to fight ALS and support those who suffer from it.

I’m not sure if Pat Quinn and John the Baptist were close friends,
but they strike me as kindred spirits.
For John, too, was trying to wake people up
to debilitating diseases, not of the body, but of the soul,
disorders that ravage not just individuals
but, even more, disable the social body.

With a prophetic word and summons to wade in the water,
he cajoled his co-religionists
to stop eating the crazy crops
that narrow our vision
and compress our hearts;
the crops that disable us from seeing anyone
who looks differently
speaks differently
or even thinks differently
as a child of God and sibling in Christ;
the crops that induce a kind of social coma,
a debilitating fog that induces us to believe
that we cannot make a difference,
cannot stop the incivility,
cannot stand up against racism,
cannot socially distance out of mutual care
rather than xenophobic fear.

As many commentators recognize
Advent, in general and in today’s gospel in particular,
is marked by road images,
“path” metaphors and
“way” allegories.

Unfortunately this imagery is often domesticated,
reduced to some social pleasantry
like helping someone find a path to a better job
or smoothing out the way for some neighborly introduction.

Our Judean wildman, however,
metaphorically dumps a bucket of ice on such niceties
and instead of inviting us to do a little convivial roadwork,
demonstrates in his own life that the advent challenge,
the advent spirituality
that must imbue the whole of a baptismal life,
is to become the path and not just walk it;
to become the way and not just trod it;
to become blessed channels of grace
And not just witness its dispensation.

And isn’t that precisely
not only what John the Baptist did in his own life,
but also the miraculous gift of the Mother of God?

Mary did not only prepare the way,
she was the way of the anointed one.
She did not simply give Gabriel an ok
on the idea of incarnation,
she gave God a personal pathway for
the Word becoming flesh.
She not only flashed a thumbs up
to God’s birth strategy,
but wholeheartedly embraced this divine maternity
and in the process enabled the birthing
of the very kingdom of God.

There is little doubt
that many of us feel like the community
Isaiah addresses in today’s first reading.
People in exile long for a return to our homeland,
a return to a less chaotic world,
a return to normalcy and some peaceability.

While God promises liberation through the prophet,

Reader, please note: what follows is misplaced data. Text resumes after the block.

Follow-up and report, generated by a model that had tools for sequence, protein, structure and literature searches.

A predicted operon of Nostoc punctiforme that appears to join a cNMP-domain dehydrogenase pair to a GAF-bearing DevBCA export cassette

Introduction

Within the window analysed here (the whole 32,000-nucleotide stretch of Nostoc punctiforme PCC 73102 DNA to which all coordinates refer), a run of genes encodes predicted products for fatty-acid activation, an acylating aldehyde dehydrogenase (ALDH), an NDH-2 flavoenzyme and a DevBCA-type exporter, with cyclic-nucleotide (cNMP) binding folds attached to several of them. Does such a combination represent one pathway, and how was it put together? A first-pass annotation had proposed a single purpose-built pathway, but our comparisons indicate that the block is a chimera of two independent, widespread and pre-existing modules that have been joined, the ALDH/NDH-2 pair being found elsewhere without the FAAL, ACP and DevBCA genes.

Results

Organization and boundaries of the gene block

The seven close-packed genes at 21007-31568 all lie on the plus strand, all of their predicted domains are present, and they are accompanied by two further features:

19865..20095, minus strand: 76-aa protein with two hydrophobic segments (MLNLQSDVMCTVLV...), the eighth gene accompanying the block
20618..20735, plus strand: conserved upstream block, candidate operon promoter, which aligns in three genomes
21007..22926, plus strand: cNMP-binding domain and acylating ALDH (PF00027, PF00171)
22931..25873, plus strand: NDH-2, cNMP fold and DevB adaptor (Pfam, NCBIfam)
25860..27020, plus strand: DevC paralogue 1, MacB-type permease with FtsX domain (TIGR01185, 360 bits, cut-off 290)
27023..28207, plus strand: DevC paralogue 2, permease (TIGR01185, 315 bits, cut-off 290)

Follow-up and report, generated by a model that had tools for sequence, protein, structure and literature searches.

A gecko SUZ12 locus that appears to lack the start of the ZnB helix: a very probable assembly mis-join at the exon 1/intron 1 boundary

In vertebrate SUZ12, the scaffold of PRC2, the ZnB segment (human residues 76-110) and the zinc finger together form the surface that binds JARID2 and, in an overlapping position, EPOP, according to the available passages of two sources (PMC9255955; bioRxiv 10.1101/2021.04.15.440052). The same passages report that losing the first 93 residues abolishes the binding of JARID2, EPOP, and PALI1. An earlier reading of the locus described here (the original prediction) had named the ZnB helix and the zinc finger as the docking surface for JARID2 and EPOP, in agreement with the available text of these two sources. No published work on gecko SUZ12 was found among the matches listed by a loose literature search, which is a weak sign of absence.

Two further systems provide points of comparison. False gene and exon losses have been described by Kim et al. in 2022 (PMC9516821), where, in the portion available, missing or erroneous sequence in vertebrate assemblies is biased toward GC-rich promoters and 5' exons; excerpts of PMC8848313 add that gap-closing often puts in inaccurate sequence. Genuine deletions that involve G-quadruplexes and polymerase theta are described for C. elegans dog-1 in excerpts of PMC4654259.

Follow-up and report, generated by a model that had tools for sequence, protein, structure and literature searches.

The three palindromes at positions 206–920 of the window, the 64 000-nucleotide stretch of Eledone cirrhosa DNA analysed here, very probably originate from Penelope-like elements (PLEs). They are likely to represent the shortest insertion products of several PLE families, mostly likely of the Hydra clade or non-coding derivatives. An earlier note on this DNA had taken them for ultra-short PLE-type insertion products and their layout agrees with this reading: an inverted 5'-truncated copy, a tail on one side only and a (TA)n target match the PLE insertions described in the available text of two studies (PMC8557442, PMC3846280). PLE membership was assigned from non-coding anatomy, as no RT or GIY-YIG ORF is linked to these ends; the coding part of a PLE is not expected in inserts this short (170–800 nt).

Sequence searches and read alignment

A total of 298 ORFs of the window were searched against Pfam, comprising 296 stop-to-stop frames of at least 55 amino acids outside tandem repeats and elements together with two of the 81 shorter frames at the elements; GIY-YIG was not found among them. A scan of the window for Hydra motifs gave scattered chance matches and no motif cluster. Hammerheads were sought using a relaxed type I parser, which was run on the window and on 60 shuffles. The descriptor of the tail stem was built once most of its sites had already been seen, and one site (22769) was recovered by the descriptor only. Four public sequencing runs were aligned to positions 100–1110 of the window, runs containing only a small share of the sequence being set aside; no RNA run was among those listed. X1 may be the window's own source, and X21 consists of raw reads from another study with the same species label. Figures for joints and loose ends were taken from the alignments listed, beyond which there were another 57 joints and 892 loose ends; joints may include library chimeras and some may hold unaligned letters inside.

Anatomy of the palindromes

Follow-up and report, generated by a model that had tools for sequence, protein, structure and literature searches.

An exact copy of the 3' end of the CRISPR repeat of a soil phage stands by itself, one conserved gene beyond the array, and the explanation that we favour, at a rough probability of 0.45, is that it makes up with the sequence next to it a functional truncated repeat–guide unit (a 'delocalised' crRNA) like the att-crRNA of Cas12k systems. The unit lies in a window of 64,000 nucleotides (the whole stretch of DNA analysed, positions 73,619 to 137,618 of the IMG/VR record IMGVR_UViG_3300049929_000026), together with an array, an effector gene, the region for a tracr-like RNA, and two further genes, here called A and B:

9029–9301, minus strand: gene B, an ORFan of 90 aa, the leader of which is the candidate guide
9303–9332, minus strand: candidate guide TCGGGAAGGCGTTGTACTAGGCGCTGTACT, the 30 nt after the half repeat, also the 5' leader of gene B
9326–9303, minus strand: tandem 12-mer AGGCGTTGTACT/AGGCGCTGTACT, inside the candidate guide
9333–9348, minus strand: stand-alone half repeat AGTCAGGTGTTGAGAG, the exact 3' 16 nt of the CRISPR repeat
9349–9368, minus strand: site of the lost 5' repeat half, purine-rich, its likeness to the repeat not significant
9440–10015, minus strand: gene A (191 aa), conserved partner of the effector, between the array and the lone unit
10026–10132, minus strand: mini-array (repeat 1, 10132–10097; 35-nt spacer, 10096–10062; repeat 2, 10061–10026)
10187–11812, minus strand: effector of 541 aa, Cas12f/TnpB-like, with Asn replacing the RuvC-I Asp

Isaiah also signals that life after exile will not be the same.
Israel will have to live in a larger vision of God
and their covenant will no longer be a singular privilege,
but now extended to all the nations.

As we await vaccines and a resurging economy
and less political chaos and more social harmony,
we too recognized that we will be changed
when we emerge from the medical and even moral morass
of this pandemic exile.

For we will have been plunged into an advent spirituality
reshaped as living pathways,
spiritual roadways,
and baptized thoroughfares of just acting and peaceable being.

As the poet reminds us,
there is a blessing in taking up this path forging mission.
But it is a blessing with a twist –
a parabolic blessing –
a true Baptist-like blessing
which we accept with gratitude and caution
as we dare once more to follow the incarnational trek
that not only testifies to an ancient nativity
but that actually births the Christ in our own time
in our own lives.

And so the poet muses:

With every step
you take,
this blessing rises up
to meet you.

It has been waiting
long ages for you.

Look close
and you can see
the layers of it,

how it has been fashioned
by those who walked
this road before you,

how it has been created
of nothing but
their determination
and their dreaming,

how it has taken
its form
from an ancient hope
that drew them forward
and made a way for them
when no way could be

Look closer
and you will see
this blessing
is not finished,

that you are part
of the path
it is preparing,

that you are how
this blessing means
to be a voice
within the wilderness

and a welcome
for the way.

May the spirit of the Baptist keep us diligent and strong
on this challenging path,
that through us God’s mercy may be revealed
and the gift of incarnation renewed throughout this fractured world, through Christ our Lord.

[1] Turnaround: Reflections on the Second Sunday of Advent

[2] Blessing the Way


  1. Mark 1:1 is such an explosively and revolutionarily pregnant verse of Scripture. Instead of runners coming into villages and cities spreading propaganda announcing the “good news” of the great victory in battle by a Hellenistic -era general or ruler, in that single verse we (if we had lived in the Levant at the time of St Mark would) know that: there has been a great cosmic battle, and its victor is Jesus Christ, the Son of God.

    The rest of this Gospel shows that the Son of God has been hurled like a supernatural meteor with cosmic force and *immediate* urgency into a very sick Creation seething with the powers of diseases of divers sorts, demons and Death. And this Christ smites Death with death in all-giving love. (The Christ of the Gospel of St Mark is not one of a so-called low Christology but rather the opposite.)

    Perhaps this is news that many who’ve had living contexts of relative privilege (relative to all of the world’s peoples) may be more disposed to hear this December than last December. Wisdom: let us be attentive.

    (Suggestion to homilists in Year B: keep Mark 1:1 in mind for all of your preaching on the Gospel of St Mark this year.)